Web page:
This is my personal blog. Travel, financial and political observations. Notes to myself and my friends. Content development for my monthly newsletter, Porter Stansberry's Investment Advisory (www.stansberryresearch.com).

Tuesday, March 14, 2006


The top three executives at North Fork Bancorp…stand to receive $288 million from the large New York Regional Bank’s $14.6 billion acquisition by Capital One Financial.”
-- WSJ, March 14, 2006

These payments to the executives of North Fork Bancorp are obscene.

There are 475 million shares outstanding of North Fork Bancorp stock. So, each shareholder will give about $0.60 to the top three executives, just for selling the company. That’s more than half a year’s dividend!

A small shareholder, say a 1,000 share round lot buyer, will give $60 directly to the top three executives – just for selling the company!

These payments come mostly in the form of accelerated stock option vesting and cash payments to cover the tax burdens of such equity grants. The IRS requires people to pay taxes on all compensation. So, when ten years worth of stock options get vested all at once, there is a big tax bill. Covering these tax payments has become a regular executive benefit, although such payments are expected to occur over the life of the executives’ employment, not all at once. In any case, North Fork Bancorp’s CEO, John Kanas, will receive $111 million in cash, just to cover his tax bill, when the deal closes.

Why should some employees have their taxes paid by the corporation? They justify it by explaining that if the CEO had to pay his own taxes, he’d have to sell half the shares he earns and that selling might negatively impact share price. But that, of course, is a retarded argument. It assumes that a temporarily depressed share price is a bad thing – it’s not. A weak share price for a week or ten days is a blessing for other shareholders, who could buy more at a better price.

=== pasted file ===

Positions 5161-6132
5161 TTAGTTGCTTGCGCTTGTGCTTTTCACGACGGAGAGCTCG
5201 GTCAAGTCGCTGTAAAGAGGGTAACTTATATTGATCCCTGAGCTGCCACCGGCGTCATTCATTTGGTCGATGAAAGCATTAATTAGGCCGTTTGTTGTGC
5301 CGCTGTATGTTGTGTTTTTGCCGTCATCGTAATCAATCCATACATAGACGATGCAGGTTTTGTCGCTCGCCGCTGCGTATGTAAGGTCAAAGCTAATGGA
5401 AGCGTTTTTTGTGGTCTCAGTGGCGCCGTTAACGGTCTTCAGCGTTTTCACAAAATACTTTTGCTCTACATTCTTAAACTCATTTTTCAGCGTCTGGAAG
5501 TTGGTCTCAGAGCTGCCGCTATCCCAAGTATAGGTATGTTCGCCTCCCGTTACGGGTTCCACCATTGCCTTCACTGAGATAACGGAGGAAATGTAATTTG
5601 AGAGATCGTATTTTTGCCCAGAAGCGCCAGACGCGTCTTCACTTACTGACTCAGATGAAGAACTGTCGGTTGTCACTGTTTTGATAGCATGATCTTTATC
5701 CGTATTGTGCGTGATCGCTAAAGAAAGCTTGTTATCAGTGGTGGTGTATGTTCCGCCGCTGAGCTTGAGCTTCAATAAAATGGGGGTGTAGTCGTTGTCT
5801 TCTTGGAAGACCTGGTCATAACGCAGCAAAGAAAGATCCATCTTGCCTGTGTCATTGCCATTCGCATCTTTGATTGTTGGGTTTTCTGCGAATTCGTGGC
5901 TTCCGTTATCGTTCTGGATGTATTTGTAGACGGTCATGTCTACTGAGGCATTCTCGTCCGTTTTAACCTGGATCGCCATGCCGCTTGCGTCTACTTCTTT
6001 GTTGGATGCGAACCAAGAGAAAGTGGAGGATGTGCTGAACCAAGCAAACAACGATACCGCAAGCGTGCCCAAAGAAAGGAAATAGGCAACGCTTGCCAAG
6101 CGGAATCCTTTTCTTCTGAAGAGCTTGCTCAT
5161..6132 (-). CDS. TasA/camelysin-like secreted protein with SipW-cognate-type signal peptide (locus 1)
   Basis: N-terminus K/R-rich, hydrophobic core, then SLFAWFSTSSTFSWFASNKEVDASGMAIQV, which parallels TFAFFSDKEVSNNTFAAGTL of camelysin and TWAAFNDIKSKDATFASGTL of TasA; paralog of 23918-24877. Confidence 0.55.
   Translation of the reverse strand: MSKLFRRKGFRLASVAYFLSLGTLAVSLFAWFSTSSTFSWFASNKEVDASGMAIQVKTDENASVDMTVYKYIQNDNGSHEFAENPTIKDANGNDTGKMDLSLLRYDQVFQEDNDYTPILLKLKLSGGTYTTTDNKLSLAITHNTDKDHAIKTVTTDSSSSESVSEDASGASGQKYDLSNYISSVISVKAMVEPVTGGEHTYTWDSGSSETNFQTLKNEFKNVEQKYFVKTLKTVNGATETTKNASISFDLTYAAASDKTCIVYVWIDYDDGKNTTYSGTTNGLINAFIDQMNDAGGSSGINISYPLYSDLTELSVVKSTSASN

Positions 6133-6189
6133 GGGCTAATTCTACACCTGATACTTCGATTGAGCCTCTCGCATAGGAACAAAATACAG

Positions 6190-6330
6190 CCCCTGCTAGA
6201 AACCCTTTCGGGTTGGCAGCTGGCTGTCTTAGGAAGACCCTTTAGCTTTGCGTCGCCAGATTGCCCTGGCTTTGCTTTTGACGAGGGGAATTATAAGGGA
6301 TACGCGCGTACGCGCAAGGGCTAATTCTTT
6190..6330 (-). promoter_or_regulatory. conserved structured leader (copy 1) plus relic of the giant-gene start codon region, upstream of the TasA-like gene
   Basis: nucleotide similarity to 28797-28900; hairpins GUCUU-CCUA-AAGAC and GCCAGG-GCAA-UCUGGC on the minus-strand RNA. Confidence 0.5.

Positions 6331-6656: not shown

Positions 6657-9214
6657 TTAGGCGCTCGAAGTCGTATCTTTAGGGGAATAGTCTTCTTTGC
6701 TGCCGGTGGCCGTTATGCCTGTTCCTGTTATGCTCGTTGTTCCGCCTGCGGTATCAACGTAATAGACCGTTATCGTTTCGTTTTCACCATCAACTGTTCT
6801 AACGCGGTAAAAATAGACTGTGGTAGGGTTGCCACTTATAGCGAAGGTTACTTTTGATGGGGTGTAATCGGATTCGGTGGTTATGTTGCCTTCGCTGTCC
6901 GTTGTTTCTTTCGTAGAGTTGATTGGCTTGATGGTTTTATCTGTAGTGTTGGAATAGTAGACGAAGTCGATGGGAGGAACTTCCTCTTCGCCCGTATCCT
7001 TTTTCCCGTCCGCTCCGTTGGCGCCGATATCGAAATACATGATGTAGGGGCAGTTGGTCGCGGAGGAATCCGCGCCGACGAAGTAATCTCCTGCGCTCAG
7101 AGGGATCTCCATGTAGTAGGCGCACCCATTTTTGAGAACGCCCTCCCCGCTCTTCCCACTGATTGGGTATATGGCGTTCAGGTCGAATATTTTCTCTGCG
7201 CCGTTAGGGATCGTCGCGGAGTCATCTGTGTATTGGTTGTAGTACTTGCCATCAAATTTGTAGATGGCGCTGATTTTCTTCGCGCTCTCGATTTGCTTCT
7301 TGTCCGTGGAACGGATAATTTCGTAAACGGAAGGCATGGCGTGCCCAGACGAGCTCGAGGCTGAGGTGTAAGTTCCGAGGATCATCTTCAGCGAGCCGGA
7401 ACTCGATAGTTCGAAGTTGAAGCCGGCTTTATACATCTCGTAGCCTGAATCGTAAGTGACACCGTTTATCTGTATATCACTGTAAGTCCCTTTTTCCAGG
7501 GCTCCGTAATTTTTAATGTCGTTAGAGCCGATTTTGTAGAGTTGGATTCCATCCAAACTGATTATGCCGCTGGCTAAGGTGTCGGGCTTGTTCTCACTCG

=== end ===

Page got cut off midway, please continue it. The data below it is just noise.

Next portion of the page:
The real explanation for the obscene payments being made each year to executives is a corporate governance system that’s still completely broken – because it’s dominated by third party, institutional shareholders who have deeply conflicted interests.

Board members have to approve executive compensation deals. Board members also have to approve mergers. Shareholders vote on who gets on the board. Therefore, board members check in with big shareholders, to make sure their interests are being represented.

So, who are the large shareholders of North Fork Bancorp…? Whose interests are being rewarded by this merger…? And whose interests are served by paying the top three executives more than a quarter billion dollars…?

In this case, it’s JP Morgan, which owns 4.42% of North Fork Bancorp (a little more than 21 million shares). JP Morgan is also the world’s largest derivatives trader and has a large, proprietary trading group. Is it possible that JP Morgan encouraged this deal in order to prop up its own trading account? JP Morgan’s share of the executive compensation bill for the top three North Fork Bancorp executives comes to nearly $13 million.

Would JP Morgan agree to spend $13 million for nothing…?


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